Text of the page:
Miami’s sassiest HIV activist is clearly Maria Mejia, a 40-year-old lesbian Latina who found out she was positive at age 18 during a routine Job Corps screening. A fixture on the podium at both Latino and HIV-specific events, Mejia is one of the few people in the nation reminding others that, despite the stats, there are lesbians living with HIV.
An activist, a peer educator, and a caregiver in a city with one of the country’s highest per capita rates of HIV infections, Mejia spoke at the U.S. Conference on AIDS last fall, works with the Well Project, serves on the digital advisory council for Janssen, and starred in the CDC’s “Let’s Stop AIDS Together” campaign with her wife, Lisa. A native of Colombia, she’s worked with the Red Cross and other groups in educating Latino and immigrant communities about HIV, urging testing, providing counseling, and telling everyone who will listen that “being HIV positive is nothing to be ashamed about.… We will take away all the stigma, slowly but [first] we have to open up.”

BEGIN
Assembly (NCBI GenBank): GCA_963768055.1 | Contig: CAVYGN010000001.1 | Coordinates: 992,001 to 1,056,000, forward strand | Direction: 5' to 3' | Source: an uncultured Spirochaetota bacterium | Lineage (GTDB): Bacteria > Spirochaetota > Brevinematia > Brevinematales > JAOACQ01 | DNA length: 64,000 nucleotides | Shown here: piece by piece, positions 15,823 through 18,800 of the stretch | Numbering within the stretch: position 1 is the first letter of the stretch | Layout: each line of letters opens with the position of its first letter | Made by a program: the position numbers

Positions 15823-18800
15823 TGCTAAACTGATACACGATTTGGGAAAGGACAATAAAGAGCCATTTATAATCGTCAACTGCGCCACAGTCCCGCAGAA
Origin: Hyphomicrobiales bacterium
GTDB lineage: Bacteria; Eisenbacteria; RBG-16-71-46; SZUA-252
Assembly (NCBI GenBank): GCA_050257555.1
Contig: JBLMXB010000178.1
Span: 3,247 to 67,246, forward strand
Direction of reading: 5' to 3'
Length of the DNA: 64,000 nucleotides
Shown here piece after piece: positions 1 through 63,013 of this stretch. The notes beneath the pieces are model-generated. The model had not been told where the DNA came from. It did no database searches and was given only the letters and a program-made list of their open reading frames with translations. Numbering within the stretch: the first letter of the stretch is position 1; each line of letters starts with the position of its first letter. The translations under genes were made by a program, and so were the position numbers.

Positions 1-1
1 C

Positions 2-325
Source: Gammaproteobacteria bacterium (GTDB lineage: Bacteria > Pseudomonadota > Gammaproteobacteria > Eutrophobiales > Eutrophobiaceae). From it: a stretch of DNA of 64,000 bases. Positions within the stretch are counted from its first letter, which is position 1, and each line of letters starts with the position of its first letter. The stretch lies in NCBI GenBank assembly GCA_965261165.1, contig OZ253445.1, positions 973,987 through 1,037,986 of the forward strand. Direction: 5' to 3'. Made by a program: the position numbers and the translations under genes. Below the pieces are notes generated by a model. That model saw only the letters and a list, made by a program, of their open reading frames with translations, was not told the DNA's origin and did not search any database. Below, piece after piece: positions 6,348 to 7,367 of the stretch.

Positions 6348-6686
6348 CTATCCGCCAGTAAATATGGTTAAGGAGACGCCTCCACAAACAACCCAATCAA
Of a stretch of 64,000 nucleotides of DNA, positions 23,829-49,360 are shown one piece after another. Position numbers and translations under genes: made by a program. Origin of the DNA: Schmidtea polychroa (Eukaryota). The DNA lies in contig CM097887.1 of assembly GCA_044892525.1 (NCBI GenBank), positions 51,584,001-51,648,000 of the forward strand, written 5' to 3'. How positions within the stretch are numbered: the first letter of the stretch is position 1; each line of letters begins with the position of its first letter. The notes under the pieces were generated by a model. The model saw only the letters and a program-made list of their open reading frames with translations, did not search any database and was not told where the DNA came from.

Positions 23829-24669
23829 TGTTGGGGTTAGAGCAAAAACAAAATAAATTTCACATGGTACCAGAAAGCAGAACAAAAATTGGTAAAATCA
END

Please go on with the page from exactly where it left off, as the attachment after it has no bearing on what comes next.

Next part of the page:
Perhaps her biggest impact is on social media, where she provides a forum for others to talk, via her bilingual YouTube channel (Mariasjournal) and two of the largest Facebook groups, one in English (Mariahiv), one in Spanish (Mariahiv1111), for people with HIV. That’s tens of thousands who come together to talk about everything from dating advice to coming out to your parents about being poz.